Excel has – in it’s newest version – a quite useful new formula type. It’s called “linked data” and offers the functionality to automatically insert data from the internet to your table. This can be done with the FIELDVALUE formula and works in a first test quite well. Unfortunately, the available data types and options… Continue reading FIELDVALUE Formula in Excel: Insert Data of Companies and Countries (+Download)
Array formulas are an advanced topic in Excel. Usually Excel users discover them when reaching the limits of – let’s call them – normal formulas, e.g. SUM, VLOOKUP, COUNT and so on. This article provides an introduction of array formulas in Excel.
A common task in Excel is to find out the number of different entries in a list. For example, you have a list of names and want to know, how many different people are listed as some people might be multiple times on the list. This article introduces 5 different methods of counting the number… Continue reading Count Number of Unique Records in Excel: 5 Methods (+Download)
FREQUENCY can classify data into bins. The formula in Excel is an array formula and just returns an array of values. In practice, it appears rather seldom. It is usually used within other formulas and not as a stand-alone formula. That said, let’s explore the purpose and usage of FREQUENCY.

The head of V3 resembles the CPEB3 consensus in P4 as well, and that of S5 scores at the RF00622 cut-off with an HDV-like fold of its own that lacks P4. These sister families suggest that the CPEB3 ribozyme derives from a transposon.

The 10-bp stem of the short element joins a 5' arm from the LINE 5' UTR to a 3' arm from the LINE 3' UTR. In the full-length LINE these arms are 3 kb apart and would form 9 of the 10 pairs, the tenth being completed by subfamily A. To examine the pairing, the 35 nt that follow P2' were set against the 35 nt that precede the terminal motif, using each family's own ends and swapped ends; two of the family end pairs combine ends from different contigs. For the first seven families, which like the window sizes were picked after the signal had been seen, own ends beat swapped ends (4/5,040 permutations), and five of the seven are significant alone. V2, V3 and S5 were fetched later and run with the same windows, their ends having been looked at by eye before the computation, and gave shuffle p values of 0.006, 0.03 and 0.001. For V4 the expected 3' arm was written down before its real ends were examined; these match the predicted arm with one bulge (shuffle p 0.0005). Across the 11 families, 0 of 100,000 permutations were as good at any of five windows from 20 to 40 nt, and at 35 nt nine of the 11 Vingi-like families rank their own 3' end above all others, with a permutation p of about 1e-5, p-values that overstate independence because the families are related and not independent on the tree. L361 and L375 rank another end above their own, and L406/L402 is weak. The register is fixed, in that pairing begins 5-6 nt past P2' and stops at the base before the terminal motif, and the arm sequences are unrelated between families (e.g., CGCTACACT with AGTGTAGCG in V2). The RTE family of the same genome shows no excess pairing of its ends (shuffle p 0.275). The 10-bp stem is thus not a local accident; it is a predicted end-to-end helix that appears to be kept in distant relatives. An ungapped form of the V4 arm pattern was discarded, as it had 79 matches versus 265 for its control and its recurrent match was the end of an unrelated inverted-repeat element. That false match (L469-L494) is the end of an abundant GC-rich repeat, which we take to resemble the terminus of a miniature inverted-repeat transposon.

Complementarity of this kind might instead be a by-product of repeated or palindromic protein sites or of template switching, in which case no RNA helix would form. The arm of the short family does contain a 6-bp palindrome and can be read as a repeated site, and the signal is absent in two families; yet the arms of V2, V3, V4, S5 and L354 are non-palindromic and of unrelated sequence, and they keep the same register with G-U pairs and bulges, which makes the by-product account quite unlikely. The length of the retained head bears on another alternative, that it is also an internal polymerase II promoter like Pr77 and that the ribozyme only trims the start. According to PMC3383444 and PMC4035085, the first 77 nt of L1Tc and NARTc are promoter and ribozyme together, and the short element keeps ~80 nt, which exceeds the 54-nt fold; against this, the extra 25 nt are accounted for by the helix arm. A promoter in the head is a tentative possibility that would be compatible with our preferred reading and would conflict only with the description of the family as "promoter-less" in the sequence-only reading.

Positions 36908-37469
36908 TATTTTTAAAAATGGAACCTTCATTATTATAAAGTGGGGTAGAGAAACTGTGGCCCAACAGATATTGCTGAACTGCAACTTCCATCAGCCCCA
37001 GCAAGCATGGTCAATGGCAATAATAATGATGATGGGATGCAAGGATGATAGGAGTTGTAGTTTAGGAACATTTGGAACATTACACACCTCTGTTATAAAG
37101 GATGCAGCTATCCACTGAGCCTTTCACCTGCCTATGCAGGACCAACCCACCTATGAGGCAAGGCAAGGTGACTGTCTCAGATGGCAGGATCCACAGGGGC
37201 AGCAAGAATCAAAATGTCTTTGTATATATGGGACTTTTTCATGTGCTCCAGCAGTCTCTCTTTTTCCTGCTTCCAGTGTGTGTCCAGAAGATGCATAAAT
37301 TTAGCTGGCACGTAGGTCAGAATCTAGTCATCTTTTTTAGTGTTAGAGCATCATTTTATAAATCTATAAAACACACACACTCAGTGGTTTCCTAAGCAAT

If the return cell in an Excel formula is empty, Excel by default returns 0 instead. For example cell A1 is blank and linked to by another cell. But what if you want to show the exact return value – for empty cells as well as 0 as return values? This article introduces three different… Continue reading Return Blank Cells Instead of Zeroes in Excel Formulas: Easy!
Say, you have an Excel table and want to copy all column underneath each other so that you only have one column. For example, you have a table 2 rows by 4 columns like in the screenshot on the right-hand side. You want to copy and paste this table to one column. You often need… Continue reading Convert Table to One Column in Excel: 4 Easy Methods to Copy All Columns underneath Each Other
The SUMPRODUCT formula in Excel is quite powerful. The disadvantage: SUMPRODUCT is often not self-explanatory. Before Excel version 2007 it was used as the SUMIFS formula. Fortunately, with Excel 2007 the SUMIFS formula replaced SUMPRODUCT in many cases. But there are still some cases, in which you have to use SUMPRODUCT. Here is everything you… Continue reading SUMPRODUCT in Excel: Everything You Should Know (+Download)
By definition, the VLOOKUP formula is not case-sensitive. Case-sensitive means, that it matters if you use capital letters or small letters. For instance, a VLOOKUP search for “AAA” will return the same value as for “aaa” or “Aaa”. But in some cases, you want to differentiate between capital and small letters. So how do you… Continue reading Case-Sensitive Lookups in Excel: 4 Methods (+XLSX-Download)
The VLOOKUP formula in its base version only works from left to right. The search column must be located on the left-hand side of the return column. What if your data doesn’t have such structure? There is a way for using the VLOOKUP to the left but it requires an array form of the formula.… Continue reading VLOOKUP to the Left in Excel. Yes, It’s Possible!
There are many cases in which you want to conduct a lookup with several search criteria. As of now only the SUMIFS formula allows a multi-condition lookup. Unfortunately, SUMIFS only works for numeric values (including dates) as the return value. If you want to return text, there is no direct method.